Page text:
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Filing, paying of returns in wrong venue no longer has civil penalty: BIR

THE FILING and paying of tax returns are no longer limited to where the business is registered, an official from the Bureau of Internal Revenue (BIR) District Office 113-A West revealed.

This, following the institutionalization of the Republic Act 11976 or the Ease of Paying Taxes Act (EOPTA) which was signed by President Ferdinand Marcos on Jan.5, updating the taxation system to ensure fair treatment to all taxpayers.

Datu Yusoph Amad, BIR RDO 113-A West Revenue Officer II, said the new law removes the civil penalty for the wrong venue as stipulated under Section 248 Civil Penalties, wherein there shall be a penalty equivalent to 25% of the amount due in cases of filing/paying other than the authorized commissioner.

“Before the signing, the place and venue of filing and payment should be where the business is registered,  say the registration of business is in Matina, the owner shall do the transactions at any authorized agent bank in Matina, whereas in the new Act, it can be done in any authorized agent bank,” he said during the Kapehan sa Dabaw on Jan. 8.

The act introduced administrative tax reforms including amendment of Sec. 248 of the National Internal Revenue Code of 1997. The Act excluded item no.2 under the section from the old law.

The removed item stated, “Unless otherwise authorized by the Commissioner, filing a return with an internal revenue officer other than those with whom the return is required to be filed.”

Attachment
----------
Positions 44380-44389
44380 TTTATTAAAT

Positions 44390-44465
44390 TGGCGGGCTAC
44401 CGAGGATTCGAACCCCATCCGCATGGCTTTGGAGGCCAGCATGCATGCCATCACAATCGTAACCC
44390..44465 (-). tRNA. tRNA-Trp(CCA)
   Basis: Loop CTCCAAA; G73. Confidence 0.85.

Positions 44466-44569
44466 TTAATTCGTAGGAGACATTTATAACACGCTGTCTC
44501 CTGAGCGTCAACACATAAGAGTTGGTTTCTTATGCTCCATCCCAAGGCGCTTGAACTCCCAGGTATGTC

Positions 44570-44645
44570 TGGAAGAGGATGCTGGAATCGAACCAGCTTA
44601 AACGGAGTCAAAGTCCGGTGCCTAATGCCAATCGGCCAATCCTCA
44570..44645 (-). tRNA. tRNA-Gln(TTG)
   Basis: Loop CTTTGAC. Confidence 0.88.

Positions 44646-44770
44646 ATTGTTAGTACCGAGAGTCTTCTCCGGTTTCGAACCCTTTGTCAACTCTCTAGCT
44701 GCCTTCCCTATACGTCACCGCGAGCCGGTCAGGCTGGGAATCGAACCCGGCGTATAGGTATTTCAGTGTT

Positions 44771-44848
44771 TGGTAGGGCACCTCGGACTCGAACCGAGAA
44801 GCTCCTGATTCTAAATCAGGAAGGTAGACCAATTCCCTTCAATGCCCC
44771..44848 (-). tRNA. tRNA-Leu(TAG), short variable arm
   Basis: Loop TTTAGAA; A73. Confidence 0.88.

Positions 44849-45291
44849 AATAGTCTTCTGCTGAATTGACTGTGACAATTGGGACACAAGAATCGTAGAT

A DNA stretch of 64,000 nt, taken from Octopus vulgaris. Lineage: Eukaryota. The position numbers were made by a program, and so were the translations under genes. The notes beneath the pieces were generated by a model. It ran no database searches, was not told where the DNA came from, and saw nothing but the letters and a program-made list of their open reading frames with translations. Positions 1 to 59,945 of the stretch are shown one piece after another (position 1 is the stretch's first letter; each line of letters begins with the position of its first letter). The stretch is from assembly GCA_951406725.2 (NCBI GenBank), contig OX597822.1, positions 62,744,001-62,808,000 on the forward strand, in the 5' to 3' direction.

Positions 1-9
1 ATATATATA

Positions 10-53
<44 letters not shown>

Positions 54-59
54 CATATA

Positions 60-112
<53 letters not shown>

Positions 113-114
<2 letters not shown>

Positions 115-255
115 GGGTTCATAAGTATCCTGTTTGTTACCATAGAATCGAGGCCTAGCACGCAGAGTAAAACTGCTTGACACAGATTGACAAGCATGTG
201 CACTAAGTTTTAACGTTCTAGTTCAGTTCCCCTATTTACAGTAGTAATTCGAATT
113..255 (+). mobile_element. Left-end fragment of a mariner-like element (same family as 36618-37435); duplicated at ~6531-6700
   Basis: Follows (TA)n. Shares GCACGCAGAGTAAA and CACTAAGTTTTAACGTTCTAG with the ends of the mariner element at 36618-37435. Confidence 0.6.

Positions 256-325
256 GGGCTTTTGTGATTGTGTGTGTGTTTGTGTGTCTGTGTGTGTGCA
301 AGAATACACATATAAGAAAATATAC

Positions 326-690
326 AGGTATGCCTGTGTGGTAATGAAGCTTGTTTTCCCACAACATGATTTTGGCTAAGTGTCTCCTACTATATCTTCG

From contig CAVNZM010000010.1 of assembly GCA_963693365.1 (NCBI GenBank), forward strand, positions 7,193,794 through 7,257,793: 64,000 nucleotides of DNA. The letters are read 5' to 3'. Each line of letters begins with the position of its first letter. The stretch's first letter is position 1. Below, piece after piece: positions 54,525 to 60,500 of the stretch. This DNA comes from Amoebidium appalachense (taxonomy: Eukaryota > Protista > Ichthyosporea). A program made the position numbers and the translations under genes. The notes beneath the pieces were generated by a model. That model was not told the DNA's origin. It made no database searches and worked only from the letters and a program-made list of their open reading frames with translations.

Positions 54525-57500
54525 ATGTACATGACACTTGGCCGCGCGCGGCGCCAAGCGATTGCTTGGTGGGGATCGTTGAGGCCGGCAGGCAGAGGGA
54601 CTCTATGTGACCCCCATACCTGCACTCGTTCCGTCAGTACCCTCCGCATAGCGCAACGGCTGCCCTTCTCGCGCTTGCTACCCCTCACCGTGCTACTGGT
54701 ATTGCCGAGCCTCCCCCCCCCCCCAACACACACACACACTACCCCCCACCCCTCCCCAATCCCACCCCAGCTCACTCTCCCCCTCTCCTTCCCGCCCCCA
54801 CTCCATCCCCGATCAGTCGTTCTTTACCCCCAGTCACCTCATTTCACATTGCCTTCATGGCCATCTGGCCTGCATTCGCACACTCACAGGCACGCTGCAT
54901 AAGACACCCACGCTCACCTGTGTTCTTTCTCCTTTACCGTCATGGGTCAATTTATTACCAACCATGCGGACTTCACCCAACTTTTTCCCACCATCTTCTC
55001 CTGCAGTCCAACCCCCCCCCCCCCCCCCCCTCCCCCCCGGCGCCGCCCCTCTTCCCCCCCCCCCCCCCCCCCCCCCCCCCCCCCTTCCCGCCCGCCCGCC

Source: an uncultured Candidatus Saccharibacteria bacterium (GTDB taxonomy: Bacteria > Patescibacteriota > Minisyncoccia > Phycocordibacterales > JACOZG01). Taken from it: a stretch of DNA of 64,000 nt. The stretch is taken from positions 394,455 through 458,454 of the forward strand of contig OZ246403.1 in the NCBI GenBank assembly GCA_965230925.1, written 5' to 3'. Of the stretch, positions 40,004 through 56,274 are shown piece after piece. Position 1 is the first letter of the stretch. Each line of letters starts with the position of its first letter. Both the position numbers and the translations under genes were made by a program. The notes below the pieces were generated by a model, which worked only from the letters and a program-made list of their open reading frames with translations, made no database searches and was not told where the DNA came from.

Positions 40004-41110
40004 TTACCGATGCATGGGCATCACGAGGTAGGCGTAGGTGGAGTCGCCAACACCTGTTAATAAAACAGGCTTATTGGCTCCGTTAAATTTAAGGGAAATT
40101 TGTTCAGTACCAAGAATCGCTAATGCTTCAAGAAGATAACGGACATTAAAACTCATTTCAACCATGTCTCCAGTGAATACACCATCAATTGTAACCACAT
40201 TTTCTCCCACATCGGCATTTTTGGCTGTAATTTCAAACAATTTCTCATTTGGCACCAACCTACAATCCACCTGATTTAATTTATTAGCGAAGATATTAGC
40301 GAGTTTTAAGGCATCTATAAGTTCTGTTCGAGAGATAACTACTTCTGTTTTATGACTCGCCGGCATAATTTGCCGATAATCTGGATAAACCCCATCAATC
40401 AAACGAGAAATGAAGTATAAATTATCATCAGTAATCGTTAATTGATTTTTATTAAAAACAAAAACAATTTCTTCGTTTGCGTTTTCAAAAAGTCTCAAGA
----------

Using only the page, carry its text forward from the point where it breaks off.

“With the removal of civil penalties for the wrong venue, filing and paying can be done in any authorized agent banks,” Amad added. 

Among the law’s salient features is the classification of taxpayers into micro, small, medium, and large with specific gross sales and simplified criteria. It can be noted the old law only provides criteria for “large taxpayers.” 

The P500 annual registration fee for every separate or distinct establishment or business, which is paid every year thereafter on or before the last day of January is repealed under EOPTA.

EOPTA also highlights that electronic or manual filing of returns and payment taxes can be made either to the bureau or through an authorized agent bank or authorized tax software provider. It also provided an option to pay internal revenue tax removal to the City or Municipal Treasurer and classified the value-added tax (VAT) refund claims into low, medium, and high-risk.

The minimum quarterly gross receipts for common carrier tax such as jeepneys, public utility buses, taxis, and for-hire cars are revoked under EOPTA.

The law required the bureau to go digital including adopting an automated and integrated system for facilitating basic tax services and setting up an online system for data and information exchange, among others.

RA 11976 shall take effect 15 days after its publication in the Official Gazette. A copy of the law was uploaded to the Official Gazette on Sunday, Jan. 7.


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